I caught up with Tony Al Saiegh, Executive Director at The Date Room in Dubai to talk about the date farming tradition here in the UAE. Growing up in the Middle East (like I did) will give you a head start on your appreciation for the homegrown date, but I want to understand the intricacies of the process – what can be done with this fruit and what makes this region's dates unique? "UAE dates, while a bit smaller in size, tend to be softer, juicier, and sweeter in some cases," says Tony.
Sweet in flavor with a toffee-like texture, the date is that exotic fruit of the palm that transports us to warmer climes and is very much set in the traditions of the Arab world. Inextricably linked with the Ramadan rituals of breaking the fast, perfect for when blood sugar is low, dates are known for their antioxidant properties and natural sugary goodness. They are rich in carbohydrates and provide a natural energy boost. Depending on the variety, each date will contain between 44%-80% simple sugars, which are converted by the cells into glucose and used in energy creation. As with any food high in natural sugar, you want to consume dates in moderation. The date is also linked to occasions, celebrations, and gift-giving, with all sorts of delicious embellishments, including cheeses, fruits, nuts, and chocolate-coated versions – something the Date Room is renowned for in the region.
So, where did it all start? Well, the exact origin of the date palm, Phoenix dactylifera to be precise, goes back pretty far through history, dating all the way to antiquity. But there is evidence to prove that the date palm was cultivated as early as 4000 B.C. Date farming is very much a family tradition here in the UAE, and The Date Room works with about fifteen family-owned farms in Al Ain and the Northern Emirates, all following a process of manual pollination, so it takes a lot of manpower to make this process a fruitful one! Given that these trees are known for their height--sometimes higher than 20 meters--there’s a certain level of skill involved in this age-old farming technique. "When the dates start forming, they go through various stages of growth, and only the last two varieties will be edible, Rotab (the fresh dates) and Dates (the dried version). At the stage of Rotab, one portion is harvested for immediate consumption as it has a low shelf life, and will continue to ripen, whereas the dried dates can last much longer." This makes these fruits perfect for cooking and preserving. And it’s not all about the sweet stuff--dates are used in a variety of savoury dishes too. "We supply many restaurants with date pastes, date vinegar, and raw dates, which are used in a variety of dishes from appetizers to salads and sandwiches," says Tony.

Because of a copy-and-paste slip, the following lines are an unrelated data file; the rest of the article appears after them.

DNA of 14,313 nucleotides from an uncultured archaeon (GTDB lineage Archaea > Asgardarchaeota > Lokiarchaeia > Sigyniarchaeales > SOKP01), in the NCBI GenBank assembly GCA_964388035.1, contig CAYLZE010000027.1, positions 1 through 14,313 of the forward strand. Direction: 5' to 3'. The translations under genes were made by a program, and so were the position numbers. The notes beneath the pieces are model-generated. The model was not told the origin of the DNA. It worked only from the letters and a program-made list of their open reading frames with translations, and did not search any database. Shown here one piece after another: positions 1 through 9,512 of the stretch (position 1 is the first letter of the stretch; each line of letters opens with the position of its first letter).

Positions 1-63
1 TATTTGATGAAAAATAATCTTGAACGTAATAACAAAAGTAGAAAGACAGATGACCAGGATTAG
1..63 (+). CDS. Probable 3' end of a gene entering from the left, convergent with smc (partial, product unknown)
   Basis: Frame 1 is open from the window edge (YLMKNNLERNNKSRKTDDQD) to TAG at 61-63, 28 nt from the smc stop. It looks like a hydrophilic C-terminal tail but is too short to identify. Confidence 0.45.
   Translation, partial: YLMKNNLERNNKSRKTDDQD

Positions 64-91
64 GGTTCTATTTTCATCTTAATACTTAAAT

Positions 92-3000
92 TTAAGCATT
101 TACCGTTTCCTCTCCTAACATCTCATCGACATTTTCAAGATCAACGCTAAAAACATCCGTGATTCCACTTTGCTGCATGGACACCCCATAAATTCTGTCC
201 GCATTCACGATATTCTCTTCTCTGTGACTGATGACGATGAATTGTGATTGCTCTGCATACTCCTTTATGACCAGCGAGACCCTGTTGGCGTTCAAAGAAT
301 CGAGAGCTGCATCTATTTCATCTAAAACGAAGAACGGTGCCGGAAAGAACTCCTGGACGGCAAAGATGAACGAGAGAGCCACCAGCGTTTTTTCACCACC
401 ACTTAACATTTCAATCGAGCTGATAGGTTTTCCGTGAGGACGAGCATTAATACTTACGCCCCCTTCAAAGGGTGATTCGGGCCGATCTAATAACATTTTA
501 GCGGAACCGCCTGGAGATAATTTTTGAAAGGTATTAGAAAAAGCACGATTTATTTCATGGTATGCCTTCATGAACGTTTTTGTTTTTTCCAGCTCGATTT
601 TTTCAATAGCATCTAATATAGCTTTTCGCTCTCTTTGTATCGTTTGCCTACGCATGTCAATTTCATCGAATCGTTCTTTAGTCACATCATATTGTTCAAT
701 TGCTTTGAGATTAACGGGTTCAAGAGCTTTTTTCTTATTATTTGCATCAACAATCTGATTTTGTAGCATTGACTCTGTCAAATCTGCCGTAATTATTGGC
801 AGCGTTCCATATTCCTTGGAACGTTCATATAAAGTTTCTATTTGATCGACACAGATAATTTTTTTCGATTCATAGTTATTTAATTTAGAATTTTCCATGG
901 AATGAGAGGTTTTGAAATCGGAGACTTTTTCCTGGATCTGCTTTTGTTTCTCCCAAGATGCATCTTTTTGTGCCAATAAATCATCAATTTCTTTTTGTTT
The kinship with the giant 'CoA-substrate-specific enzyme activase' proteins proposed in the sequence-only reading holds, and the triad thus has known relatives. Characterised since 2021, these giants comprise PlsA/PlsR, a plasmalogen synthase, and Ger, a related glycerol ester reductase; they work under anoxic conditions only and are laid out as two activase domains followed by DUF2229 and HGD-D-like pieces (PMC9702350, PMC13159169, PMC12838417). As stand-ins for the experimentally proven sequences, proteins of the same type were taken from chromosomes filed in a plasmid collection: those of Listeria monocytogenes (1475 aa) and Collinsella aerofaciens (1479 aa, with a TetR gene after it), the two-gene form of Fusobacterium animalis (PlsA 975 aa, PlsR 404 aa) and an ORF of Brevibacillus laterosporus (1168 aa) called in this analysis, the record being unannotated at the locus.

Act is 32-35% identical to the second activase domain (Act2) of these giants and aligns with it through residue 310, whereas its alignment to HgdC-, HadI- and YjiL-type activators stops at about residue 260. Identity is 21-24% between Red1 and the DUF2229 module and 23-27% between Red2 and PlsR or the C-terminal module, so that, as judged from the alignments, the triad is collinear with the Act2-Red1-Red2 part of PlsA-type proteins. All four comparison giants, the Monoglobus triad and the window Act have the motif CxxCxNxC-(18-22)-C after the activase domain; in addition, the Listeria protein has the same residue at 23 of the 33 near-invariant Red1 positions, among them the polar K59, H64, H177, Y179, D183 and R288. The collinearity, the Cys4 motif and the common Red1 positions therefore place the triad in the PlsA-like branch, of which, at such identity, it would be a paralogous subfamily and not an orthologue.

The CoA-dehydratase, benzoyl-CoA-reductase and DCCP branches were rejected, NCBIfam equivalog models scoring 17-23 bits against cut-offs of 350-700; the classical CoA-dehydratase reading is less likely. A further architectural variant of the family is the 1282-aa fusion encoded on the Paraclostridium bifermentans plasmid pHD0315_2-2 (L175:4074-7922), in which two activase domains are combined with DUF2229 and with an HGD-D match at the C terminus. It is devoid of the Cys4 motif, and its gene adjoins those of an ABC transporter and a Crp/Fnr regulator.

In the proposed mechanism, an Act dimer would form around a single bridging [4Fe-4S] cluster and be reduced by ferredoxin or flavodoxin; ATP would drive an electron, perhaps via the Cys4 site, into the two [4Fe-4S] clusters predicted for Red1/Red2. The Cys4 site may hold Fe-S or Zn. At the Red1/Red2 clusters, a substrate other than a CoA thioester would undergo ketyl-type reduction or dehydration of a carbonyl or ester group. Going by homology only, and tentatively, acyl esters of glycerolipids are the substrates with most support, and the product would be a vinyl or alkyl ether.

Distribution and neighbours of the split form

This fruity infusion is very much on-trend, particularly with salad dishes. Peaches, pears, and raspberries are all popping up in savory recipes, so why not try adding a few dates to the mix or blending them into your salad dressing. With a flavor profile similar to molasses, these sweet infusions are synonymous in the region with a traditional fattoush or tabbouleh salad, cutting through the rich, earthy tones and balancing out the mix of flavors. I find that they work nicely with spice too. Having tried a delicious sweet potato pizza with dates, green chili, and feta, the dates replicate the flavors of caramelized onions and provide a little respite after a bite of green chili. A really simple use of dates is in a roasted vegetable dish--rather than honey glazing, highlight that sweetness with dates, maybe adding a splash of vinegar for a tart twist.
There are so many varieties of dates, each with a flavor profile and consistency to suit the dish you’re preparing--some more sweet, some less moist, some more on the chewy side for that extra bite. "Our most popular and biggest sellers are Kholas, Lulu, and Fardh," says Tony. And for those of you with a sweet tooth, you’ll be pleased to know that dates will complement pretty much any dessert, adding an element of velvety luxury--from cakes to cookies, energy bars to ice creams. "We even stuff dried fruits with dates and people love them!" I find dates to provide a great morning boost, working perfectly in a smoothie--they make it dairy-free, sweeten the taste, and add a nice consistency. Dates also lend themselves nicely to breakfast bars, particularly Medjool dates, which give you that soft, fudgy flavor in a simple fruit and nut bar. You don’t even have to worry about refrigerating them because they can last a few weeks in an airtight container. The protein balls that have proven their reach, stocked in gyms and supermarkets worldwide, often contain dates as a key ingredient.
Make this classic and healthy Middle-Eastern dish in just an hour with vegetables from your nearest market, or change it up a bit with some feta cheese.
The extra step of toasting off some pita and tossing it in sumac makes all the difference in this salad. It almost gets better the longer it sits, so it’s a great one to have leftovers of.
This healthy date shake is made with frozen bananas instead of ice cream and requires only a few simple ingredients.
This simple and delicious cake rises up tender and moist, with little chunks of apple scattered throughout. It’s spiced just right with a wonderfully crunchy pecan topping.
Stay up to date, quite literally, and have a browse through our collection of recipes for inspiration on how to make the most of dates in your next dish.